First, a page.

Page now contends that Count I survives Defendants’ motion to dismiss because the police report makes clear that Officer Mancuso was the arresting officer. Page also maintains that Officer Mancuso’s failure to investigate fully prior to arresting Page (who was unconscious when she arrived at the scene) negated probable cause for his arrest, and that, even if there were probable cause, the arrest was unlawful because it was a warrantless arrest for a misdemeanor committed outside the presence of an officer. (Pl.’s Opp’n at 4-6.) Page further contends that Counts II and III survive Defendants’ challenge because strip searches and over-detention are actionable constitutional violations. (Id. at 9.)

The Court held a hearing on Defendants’ motion to dismiss on August 29, 2013.


A. Motion to Dismiss

Defendants seek partial dismissal of Plaintiff’s amended complaint pursuant to Federal Rule of Civil Procedure 12(b)(6). (Defs.’ Mot. at 1.) A court must dismiss a claim for relief under Rule 12(b)(6) when the complaint “fail[s] to state a claim upon which relief can be granted[.]” Fed.R.Civ.P. 12(b)(6). In evaluating a motion to dismiss, the court must accept as true all factual allegations in the complaint, and the plaintiff should receive the benefit of all inferences that can be derived from the facts alleged. See Ashcroft v. Iqbal, 556 U.S. 662, 678 (2009); Sparrow v. United Air Lines, Inc., 216 F.3d 1111, 1113 (D.C. Cir. 2000). “While the complaint is to be construed liberally in plaintiff’s favor, the Court need not accept inferences drawn by the plaintiff if those inferences are unsupported by facts alleged in the complaint, nor must the Court accept plaintiff’s legal conclusions.” Kramer v. United States, 460 F.Supp.2d 108, 110 (D.D.C. 2006) (citing Kowal v. MCI Commc’ns Corp., 16 F.3d 1271, 1276 (D.C. Cir. 1994)). Moreover, although “detailed factual allegations” are not necessary to withstand a Rule 12(b)(6) motion, Bell Atl. Corp. v. Twombly, 550 U.S. 544, 555 (2007), a plaintiff must plead enough facts to make the claim seem plausible on its face. Iqbal, 556 U.S. at 678; see also Twombly, 550 U.S. at 555 (the facts alleged in the complaint “must be enough to raise a right to relief above the speculative level” (citation omitted)).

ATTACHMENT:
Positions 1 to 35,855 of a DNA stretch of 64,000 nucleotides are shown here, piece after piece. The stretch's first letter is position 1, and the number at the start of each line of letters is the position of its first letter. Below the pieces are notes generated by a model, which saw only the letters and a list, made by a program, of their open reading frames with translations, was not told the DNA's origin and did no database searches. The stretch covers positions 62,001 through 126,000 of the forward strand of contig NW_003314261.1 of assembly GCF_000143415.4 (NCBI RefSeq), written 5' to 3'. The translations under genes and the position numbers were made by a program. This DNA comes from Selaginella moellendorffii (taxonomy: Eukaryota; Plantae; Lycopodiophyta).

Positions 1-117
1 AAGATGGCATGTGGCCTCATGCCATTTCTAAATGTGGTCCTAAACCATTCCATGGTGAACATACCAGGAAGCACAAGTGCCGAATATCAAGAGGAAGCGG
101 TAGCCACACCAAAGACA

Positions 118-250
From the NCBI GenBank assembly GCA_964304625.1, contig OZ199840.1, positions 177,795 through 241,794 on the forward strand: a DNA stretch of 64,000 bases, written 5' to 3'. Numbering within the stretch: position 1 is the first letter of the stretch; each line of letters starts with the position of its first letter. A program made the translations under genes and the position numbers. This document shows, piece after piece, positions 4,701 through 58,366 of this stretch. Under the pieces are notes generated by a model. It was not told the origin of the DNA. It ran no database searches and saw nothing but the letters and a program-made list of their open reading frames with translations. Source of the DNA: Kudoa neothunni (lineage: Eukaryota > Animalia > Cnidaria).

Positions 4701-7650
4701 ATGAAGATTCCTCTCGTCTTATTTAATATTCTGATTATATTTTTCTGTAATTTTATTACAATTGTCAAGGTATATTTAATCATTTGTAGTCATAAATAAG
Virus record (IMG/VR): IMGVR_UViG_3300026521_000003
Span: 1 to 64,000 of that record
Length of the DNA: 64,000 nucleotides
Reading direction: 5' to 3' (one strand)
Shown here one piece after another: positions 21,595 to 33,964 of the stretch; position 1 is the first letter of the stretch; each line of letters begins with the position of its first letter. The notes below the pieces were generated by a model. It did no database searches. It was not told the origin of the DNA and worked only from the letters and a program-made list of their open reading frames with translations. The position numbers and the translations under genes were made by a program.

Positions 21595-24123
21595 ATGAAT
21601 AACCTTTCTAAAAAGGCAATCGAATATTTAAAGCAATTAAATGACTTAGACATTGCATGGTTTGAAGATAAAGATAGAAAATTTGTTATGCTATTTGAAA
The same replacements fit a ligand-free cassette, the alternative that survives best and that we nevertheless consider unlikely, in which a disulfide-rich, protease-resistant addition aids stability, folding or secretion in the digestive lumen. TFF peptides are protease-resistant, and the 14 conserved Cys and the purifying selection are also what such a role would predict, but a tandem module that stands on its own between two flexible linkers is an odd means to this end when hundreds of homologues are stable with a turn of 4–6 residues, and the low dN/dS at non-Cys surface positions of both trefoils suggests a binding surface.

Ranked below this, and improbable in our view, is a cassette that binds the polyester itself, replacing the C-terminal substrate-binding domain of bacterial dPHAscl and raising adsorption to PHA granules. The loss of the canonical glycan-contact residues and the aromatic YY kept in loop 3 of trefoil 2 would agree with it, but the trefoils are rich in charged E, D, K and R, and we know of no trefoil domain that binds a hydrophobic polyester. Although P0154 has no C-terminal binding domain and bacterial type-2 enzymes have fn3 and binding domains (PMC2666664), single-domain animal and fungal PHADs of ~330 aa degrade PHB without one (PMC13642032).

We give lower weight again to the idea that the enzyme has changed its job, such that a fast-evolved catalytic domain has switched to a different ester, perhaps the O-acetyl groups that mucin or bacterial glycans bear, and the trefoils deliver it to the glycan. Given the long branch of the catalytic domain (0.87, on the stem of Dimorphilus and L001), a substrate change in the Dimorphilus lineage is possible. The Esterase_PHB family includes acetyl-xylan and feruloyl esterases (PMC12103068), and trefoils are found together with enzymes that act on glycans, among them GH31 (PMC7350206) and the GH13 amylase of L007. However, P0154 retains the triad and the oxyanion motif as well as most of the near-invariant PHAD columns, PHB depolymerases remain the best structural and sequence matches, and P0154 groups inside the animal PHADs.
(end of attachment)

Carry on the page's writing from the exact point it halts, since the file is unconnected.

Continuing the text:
When evaluating a motion to dismiss under Rule 12(b)(6), a court generally does not consider matters beyond the pleadings. Ward v. D.C. Dep’t of Youth Rehab. Servs., 768 F.Supp.2d 117, 119-20 (D.D.C. 2011). However, the court may consider “the facts alleged in the complaint, documents attached as exhibits or incorporated by reference in the complaint, or documents upon which the plaintiff’s complaint necessarily relies even if the document is produced not by the plaintiff in the complaint but by the defendant in a motion to dismiss[.]” Id. at 119 (internal quotation marks and citations omitted); Vanover v. Hantman, 77 F.Supp.2d 91, 98 (D.D.C. 1999) (same). For example, a plaintiff’s complaint “necessarily relies” on a document when the complaint “quote[s] from and discuss[es a document] extensively.” W. Wood Preservers Inst. v. McHugh, 292 F.R.D. 145, 149 (D.D.C. 2013) (citation omitted). Even if a court considers a document attached to a motion to dismiss, the court must still “construe all well-pleaded factual allegations in the plaintiff’s favor[, ]” especially if the parties disagree about the nature of the ...